Instagram's marketing potential also straddles the consumer and business markets. A major part of the app's appeal lies in a collection of filters that can transform a picture from mundane snap to an arresting piece of instant artwork. It can even make a cup of coffee interesting, so it should be no surprise that Starbucks asks customers to post their Instagram images to its site.

Meanwhile, Draw Something enables brands to advertise directly to players of the game, which involves users guessing names based on images created by fellow players.

But, as Tom Malcolm, head of consumer at digital agency Diffusion, argues, perhaps the greater opportunity lies in developing branded, themed versions of the game.

So is now the time to look beyond Facebook and Twitter and embrace the newcomers? Tom Huxtable, chief executive of social media monitoring company Engage Sciences, urges caution. 'What you have to remember is that Pinterest still has a long way to go,' he says. 'It has been generating a lot of interest but the average consumer in the UK hasn't heard of it yet.'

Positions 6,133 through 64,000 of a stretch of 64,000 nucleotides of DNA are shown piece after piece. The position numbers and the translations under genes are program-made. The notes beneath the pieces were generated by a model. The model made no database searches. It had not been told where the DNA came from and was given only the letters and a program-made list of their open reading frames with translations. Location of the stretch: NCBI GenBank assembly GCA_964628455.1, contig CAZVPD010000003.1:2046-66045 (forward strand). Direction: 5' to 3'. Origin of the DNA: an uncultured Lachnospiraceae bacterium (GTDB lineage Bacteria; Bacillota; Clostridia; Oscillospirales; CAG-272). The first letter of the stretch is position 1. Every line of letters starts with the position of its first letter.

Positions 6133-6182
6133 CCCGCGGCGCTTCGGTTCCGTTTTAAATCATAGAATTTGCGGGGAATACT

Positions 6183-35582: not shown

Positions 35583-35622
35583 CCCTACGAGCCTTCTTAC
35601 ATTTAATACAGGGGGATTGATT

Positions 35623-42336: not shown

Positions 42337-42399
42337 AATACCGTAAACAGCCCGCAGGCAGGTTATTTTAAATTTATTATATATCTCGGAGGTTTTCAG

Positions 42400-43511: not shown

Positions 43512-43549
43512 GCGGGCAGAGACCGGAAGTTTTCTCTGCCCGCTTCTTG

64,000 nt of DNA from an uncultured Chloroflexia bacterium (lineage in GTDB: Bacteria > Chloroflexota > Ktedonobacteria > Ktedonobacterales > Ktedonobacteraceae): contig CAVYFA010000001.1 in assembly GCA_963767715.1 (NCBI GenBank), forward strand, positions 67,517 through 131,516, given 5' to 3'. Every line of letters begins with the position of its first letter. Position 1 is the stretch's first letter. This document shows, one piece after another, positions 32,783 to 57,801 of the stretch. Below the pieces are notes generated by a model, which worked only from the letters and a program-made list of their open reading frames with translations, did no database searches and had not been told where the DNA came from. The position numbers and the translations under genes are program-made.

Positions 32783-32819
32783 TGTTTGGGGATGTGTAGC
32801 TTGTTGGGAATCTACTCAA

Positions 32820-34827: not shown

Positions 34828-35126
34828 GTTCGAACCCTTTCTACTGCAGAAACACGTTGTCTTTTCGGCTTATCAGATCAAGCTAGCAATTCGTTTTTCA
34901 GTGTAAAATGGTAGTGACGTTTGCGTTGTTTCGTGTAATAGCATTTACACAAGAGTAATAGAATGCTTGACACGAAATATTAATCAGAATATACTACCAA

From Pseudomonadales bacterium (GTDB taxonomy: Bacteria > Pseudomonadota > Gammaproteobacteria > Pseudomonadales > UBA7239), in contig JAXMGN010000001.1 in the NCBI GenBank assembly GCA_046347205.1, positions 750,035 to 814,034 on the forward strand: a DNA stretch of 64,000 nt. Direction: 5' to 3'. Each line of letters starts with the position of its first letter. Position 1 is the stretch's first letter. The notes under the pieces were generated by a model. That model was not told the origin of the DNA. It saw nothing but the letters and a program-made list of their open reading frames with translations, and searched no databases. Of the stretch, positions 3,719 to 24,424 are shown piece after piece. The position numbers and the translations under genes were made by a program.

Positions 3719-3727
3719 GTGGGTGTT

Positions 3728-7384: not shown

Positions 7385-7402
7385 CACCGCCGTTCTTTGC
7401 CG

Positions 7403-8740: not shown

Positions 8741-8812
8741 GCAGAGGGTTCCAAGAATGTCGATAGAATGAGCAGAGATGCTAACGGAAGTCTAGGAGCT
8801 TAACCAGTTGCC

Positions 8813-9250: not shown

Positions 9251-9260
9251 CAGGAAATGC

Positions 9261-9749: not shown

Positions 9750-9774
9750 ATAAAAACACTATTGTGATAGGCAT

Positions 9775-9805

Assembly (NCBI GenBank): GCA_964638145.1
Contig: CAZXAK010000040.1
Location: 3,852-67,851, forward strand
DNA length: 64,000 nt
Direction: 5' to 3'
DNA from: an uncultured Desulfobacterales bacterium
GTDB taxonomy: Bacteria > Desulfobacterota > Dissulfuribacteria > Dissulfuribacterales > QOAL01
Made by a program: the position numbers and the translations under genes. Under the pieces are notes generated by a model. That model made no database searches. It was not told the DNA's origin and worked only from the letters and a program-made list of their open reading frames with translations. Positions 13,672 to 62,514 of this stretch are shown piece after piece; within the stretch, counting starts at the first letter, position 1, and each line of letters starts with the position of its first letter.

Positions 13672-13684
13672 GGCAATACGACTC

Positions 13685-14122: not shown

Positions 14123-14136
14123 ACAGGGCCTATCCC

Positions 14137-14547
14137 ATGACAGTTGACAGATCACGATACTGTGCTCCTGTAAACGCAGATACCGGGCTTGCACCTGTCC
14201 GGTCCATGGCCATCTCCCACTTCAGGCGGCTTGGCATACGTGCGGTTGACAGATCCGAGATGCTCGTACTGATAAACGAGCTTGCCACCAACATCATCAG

Swings and roundabouts

So there is a dilemma for marketers. On the one hand, there are exciting new platforms and channels, each with a base of enthusiastic users. On the other, this is uncharted territory. Some of the new players may simply fizzle out or get swallowed by competitors. Others might continue on a growth curve and become market leaders. Nobody really knows which platform will capture the collective imagination next.

The question for brands, then, is: do they invest time and money in campaigns around emerging channels, or hold back to see what happens?

'Building an audience on any social media platform takes time and it can be difficult, so you run the risk of investing in something that could simply fizzle out,' says Giles Palmer, chief executive of social media monitoring company Brandwatch. 'On the other hand, as we saw with Facebook in the early days, brands that are early adopters often do very well.'

Mark Higginson, director of social media at icrossing, says the answer is a strategy based on content rather than specific social media platforms. 'If you develop something for every conceivable social media channel you get into the position where all you are doing is spinning plates rather than pursuing a coherent strategy,' he says. 'Start with a creative idea and use the channels that are most appropriate to it.'